It is widely considered the “home turf” of Alberta’s New Democrats and is the region that helped propel the party into its first majority government, toppling nearly half a century of PC reign. Now, after the capital city of historically right-wing Alberta traded in their blue flags for orange in May’s provincial election, many across the country are asking whether or not that momentum could potentially carry over federally. To further explore this possibility, Global has gone to the epicenter of the orange wave to ask: could Edmonton be the catalyst that results in a federal NDP government?
While the New Democrats first built a strong political base in Edmonton in the 1980s, it is important to consider that the city’s federal representatives have consistently remained Conservative. Since 2008, the only non-Conservative MP to hail from Alberta has been Linda Duncan, the NDP MP from Edmonton Strathcona. The riding, which is currently being defended by Duncan, is made up of many of the same voters represented provincially by Premier Rachel Notley, who won the provincial riding of the same name by the largest margin of any MLA. While history tells us that how Edmontonians vote provincially does not necessarily impact how they vote federally, the undeniable momentum of the left vote in the city cannot be identified as a uniquely provincial movement.
The New Democrats are the only party to match the Conservatives with candidates in all 34 of Alberta’s ridings for the coming election. That said, the Conservatives have many incumbents seeking re-election for the eight Edmonton seats up for grabs, and are still the defending champions in the federal ring. A briefing of some key Edmonton ridings to focus on moving forward is as follows:
This riding is largely considered to be up for grabs, as Conservative incumbent Laurie Hawn has retired and will not seek re-election. Stepping in for the Conservatives is James Cumming, the former President & CEO of the Edmonton Chamber of Commerce. Cumming is up against staunch competition from both the Liberals and New Democrats; Randy Boissonnault is running for the Grits, and has garnered momentum in one of Edmonton’s premier urban ridings through his philanthropic résumé and role as a community leader. The NDP have brought forward a big name in Gil McGowan, who serves as the President of the Alberta Federation of Labour. When discussing exactly how the federal dynamic may have shifted in Edmonton, this riding should be a focal point and will provide a great deal of insight come Election Day.
Edmonton Mill Woods
Veteran Conservative MP Tim Uppal moved from Edmonton-Sherwood Park to Edmonton Mill Woods as part of the federal riding re-distribution, and is facing off against Liberal candidate and Edmonton City Councilor Amarjeet Sohi. A former bus driver, Sohi has been a highly-popular councilor at the municipal level since 2004. The incumbent Uppal has served as an MP since 2008, during which time he served as the Minister of State (Democratic Reform) and the Minister of State (Multiculturalism). The New Democrat candidate Jasvir Deol is a small business owner and does not have experience holding public office.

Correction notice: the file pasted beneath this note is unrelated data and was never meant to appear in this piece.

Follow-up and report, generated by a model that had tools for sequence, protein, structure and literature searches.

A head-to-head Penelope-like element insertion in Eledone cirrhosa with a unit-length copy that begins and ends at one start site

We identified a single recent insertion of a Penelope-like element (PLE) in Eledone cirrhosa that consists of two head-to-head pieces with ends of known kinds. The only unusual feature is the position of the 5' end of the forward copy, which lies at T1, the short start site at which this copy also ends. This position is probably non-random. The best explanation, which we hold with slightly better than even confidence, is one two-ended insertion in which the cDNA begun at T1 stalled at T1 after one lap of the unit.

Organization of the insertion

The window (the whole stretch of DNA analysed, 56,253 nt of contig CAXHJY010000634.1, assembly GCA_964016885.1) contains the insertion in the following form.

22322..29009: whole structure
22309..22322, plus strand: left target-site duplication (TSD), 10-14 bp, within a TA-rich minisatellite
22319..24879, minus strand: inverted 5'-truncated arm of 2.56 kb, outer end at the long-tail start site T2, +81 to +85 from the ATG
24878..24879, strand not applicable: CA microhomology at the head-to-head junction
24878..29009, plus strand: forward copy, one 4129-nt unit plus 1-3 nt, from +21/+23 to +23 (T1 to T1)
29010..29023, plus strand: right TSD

As previously mentioned, the riding of Edmonton Strathcona has been where the New Democrats have found recent success both federally and provincially. Federally, Linda Duncan is seeking her third term in Ottawa. She will be up against Conservative candidate Len Thom, a lawyer with deep roots amongst the provincial PCs. The Liberals have also brought forth a lawyer by trade, Eleanor Olszewski, to run as their candidate in this riding.
Former PC MLA Matt Jeneroux is trying his hand for the federal Conservatives this election, after being defeated by the NDP sweep of Edmonton’s 21 provincial ridings. Jeneroux is banking on his familiarity within the region and reputation amongst voters, feeling that the momentum generated by the NDP provincially will not be repeated by the federal party in October. Brian Fleck is up against Jeneroux for the NDP, a professor of mechanical engineering at the University of Alberta.
As Election Day is just over a month away, Edmonton could once again serve as a launching pad for drastic change. One interesting aspect is the dynamic between Premier Rachel Notley and NDP Leader Tom Mulcair. While Alberta Health Minister Sarah Hoffman was present at Mulcair’s recent appearance in Edmonton, Notley remains at a distance. This is not to suggest that the Mulcair team is not attempting to leverage the foundation of New Democrat support, but that Notley has attempted as a strategic decision to focus on Albertan issues rather than concern herself with canvassing for the federal party.